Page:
« PreviousContinue »
APPENDIX E (PAGE 51)
Johnson's authority for Pope's statement about Parnell's drinking is Ruffhead (Life of Pope, p. 492), who says that this account came to him through Warburton from Pope. 'Parnell, Ruffhead writes, had talents for popular preaching, and began to be distinguished in the mob-places of Southwark and London. The Queen's sudden death broke his spirits; he took to drinking, became a sot, and soon finished his course.'
‘Parnell is a great follower of drams; and strangely open and scandalous in his debaucheries.' POPE, Spence's Anec. p. 139 n.
Bishop Barnard, 'who had it from Dr. Delany,' told Boswell that 'Parnell could not refrain from drinking even the morning that Swift introduced him to Lord Oxford,' and that the Treasurer noticed his state. 'Swift said :-"He is troubled with a great shaking.” “I am sorry," said the Earl, “that he should have such a distemper, but especially that it should attack him in the morning."' Boswelliana, p. 297. The 'shaking' perhaps was not due to drink. Swift wrote of him a little later :- His head is out of order like mine, but more constant, poor boy.' Works, iii. 122. See also ib. p. 130. According to Hearne he was killed by 'immoderate drinking of mild ale.' Remains,
'Dr. Johnson maintained that “If a man is to write A Panegyrick, he may keep vices out of sight; but if he professes to write A Life, he must represent it really as it was”: and when I objected to the danger of telling that Parnell drank to excess, he said that "it would produce an instructive caution to avoid drinking, when it was seen that even the learning and genius of Parnell could be debased by it.”! Boswell's Johnson, iii. 155.
'I have heard Dr. Johnson say how Parnell could not get through a sermon without turning his head, even in the pulpit, to drink a dram.' MRS. Piozzi, Auto. ii. 145.
APPENDIX F (PAGE 53)
Eng. Poets, xxvii. 81. Goldsmith's account is a strange confusion. He writes :—Pope, speaking of The Hermit in those MS. anecdotes already quoted, says that the poem is very good. The story,” continues he, “was written originally in Spanish, whence probably Howel had translated it into prose, and inserted it in one of his letters.” Addison liked the scheme, and was not disinclined to come into it. However this may be, Dr. Henry More, in his Dialogues, has the very same story; and I have been informed by some that it is originally of Arabian invention.' Works, iv. 143 ; ed. 1801, iv. 25.
The MS. anecdotes' are Spence's. In their printed form what Pope says ends with his letters. p. 139. The sentence about Addison has been dragged in from an account of the Scriblerus Club. p. 10. For the origin of the story see T. Warton's Hist. of Eng. Poetry, 1840, i. Preface,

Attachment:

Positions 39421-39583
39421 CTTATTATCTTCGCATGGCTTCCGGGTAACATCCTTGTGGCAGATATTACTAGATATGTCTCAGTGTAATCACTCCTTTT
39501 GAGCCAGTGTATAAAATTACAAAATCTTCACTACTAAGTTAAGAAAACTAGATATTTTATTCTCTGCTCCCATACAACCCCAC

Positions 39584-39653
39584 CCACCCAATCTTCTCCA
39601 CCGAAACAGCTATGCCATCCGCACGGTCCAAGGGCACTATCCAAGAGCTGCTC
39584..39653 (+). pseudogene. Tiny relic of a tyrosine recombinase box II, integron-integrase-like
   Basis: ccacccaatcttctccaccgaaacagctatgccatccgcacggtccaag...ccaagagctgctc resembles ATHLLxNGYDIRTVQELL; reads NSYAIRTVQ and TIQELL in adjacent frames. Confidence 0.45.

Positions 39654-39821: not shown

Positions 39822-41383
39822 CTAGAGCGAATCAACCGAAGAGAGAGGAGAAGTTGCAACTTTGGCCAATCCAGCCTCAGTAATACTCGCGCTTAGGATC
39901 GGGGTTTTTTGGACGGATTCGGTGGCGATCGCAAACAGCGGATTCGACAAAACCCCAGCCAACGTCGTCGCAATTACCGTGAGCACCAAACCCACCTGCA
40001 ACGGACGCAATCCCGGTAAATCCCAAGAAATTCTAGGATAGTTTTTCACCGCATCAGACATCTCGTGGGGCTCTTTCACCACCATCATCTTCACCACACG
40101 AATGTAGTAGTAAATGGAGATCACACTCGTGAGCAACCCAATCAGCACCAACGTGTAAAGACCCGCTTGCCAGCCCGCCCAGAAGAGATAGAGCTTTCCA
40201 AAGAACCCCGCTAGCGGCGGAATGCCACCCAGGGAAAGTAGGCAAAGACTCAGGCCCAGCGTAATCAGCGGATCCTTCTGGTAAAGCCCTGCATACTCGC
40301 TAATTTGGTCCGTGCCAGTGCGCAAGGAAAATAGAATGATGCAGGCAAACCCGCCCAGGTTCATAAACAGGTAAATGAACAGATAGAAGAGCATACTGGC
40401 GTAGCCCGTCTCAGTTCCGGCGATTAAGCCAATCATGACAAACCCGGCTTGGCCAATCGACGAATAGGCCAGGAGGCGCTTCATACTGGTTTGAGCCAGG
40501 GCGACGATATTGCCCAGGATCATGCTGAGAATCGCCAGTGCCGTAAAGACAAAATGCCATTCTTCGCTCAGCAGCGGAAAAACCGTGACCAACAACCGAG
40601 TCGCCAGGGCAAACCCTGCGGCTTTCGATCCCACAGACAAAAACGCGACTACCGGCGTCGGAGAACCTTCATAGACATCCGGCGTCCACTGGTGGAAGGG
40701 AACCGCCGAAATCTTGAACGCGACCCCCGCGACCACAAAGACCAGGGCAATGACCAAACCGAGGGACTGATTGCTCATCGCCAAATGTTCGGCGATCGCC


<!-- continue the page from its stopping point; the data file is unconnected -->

pp. 141, 158, 160, ii. 394 n., and Mitford's Parnell, p. 61, where the reference is given to H. More's Divine Dialogues, 1743, p. 256. For Howell see his Letters, 1892, p. 559.
A somewhat similar story is in The Spectator, No. 237, by Addison. For Johnson's explanation of a passage in The Hermit see Boswell's Johnson, iii. 220, and for the moral of the poemi see John. Misc. ii. 255.
Blake, alluding to the poem or the story, said :- Who shall say that God thinks evil? That is a wise tale of the Mahometans, of the angel of the Lord that murdered the infant. Is not every infant that dies of disease murdered by an angel ?' H. C. Robinson's Diary, ii. 307.
APPENDIX G (PAGE 54)
Fair stranger! winged maid, where dost thou rest
CLEVELAND, Content, Works, 1661, p. 145.
PARNELL, Eng. Poets, xxvii. 79. Mitford quotes from Bishop J. Jebb's Sermons, 1824, p. 94, 'an Ode from the Divina Psalmodia of Cardinal Bona, on which Parnell formed his Hymn.' Mitford's Parnell, p. 77. Lamb, writing of one of his own Sonnets in which occur the lines :
‘My lov'd companion dropp'd a tear and fled,
And hid in deepest shades her awful head, continues :-Since writing it, I have found in a poem by Hamilton of Bangor (Bangour] these two lines to " Happiness” :
“Nun, sober and devout, where art thou fled
To hide in shades thy meek, contented head?” Lines eminently beautiful. ... Parnell has two lines (which probably suggested the above) to "Contentment”:
“Whither, ah! whither art thou fled,
Lamb's Letters, i. 5.
AMUEL GARTH was of a good family in Yorkshire, and 1
Peter-house in Cambridge, where he resided till he commenced doctor of physick on July the 7th, 1691 ? He was examined before the College at London on March the 12th, 1691-2, and admitted fellow July 26th, 1692 3. He was soon so much distinguished by his conversation and accomplishments as to obtain very extensive practice; and, if a pamphlet of those times may be credited, had the favour and confidence of one party, as Ratcliffe had of the other 4.
He is always mentioned as a man of benevolence; and it is 2 just to suppose that his desire of helping the helpless disposed him to so much zeal for the Dispensary; an undertaking of which some account, however short, is proper to be given.
Whether what Temple says be true, that physicians have 3 had more learning than the other faculties, I will not stay to enquire ; but I believe every man has found in physicians great liberality and dignity of sentiment, very prompt effusion of beneficence, and willingness to exert a lucrative art where there is no hope of lucre. Agreeably to this character the College
* Johnson's chief authority is Biog. attend her on her death-bed. Ib. Brit. p. 2129.
xvi. 169. He was a great benefactor - He was the eldest son of William to the University of Oxford; one of Garth, of Bowland Forest, in the his foundations is the Library which West Riding of Yorkshire, was born bears his name. 'Sir Samuel Garth,' in 1661, and sent to school at Ingle- wrote Pope,' says that for Radcliffe ton. He entered Peterhouse in 1876. to leave a library was as if an eunuch Dict. Nat. Biog. In 1687 'he was should found a seraglio.' Pope's entered on the physic line at Leyden. Works (Elwin and Courthope), ix. Munk's Roll of Coll. of Physicians, 275. See also Boswell's Johnson, i. 498. For his father's will see iv. 293; John. Misc. ii. 377. N. E Q. 1 S. xi. 373.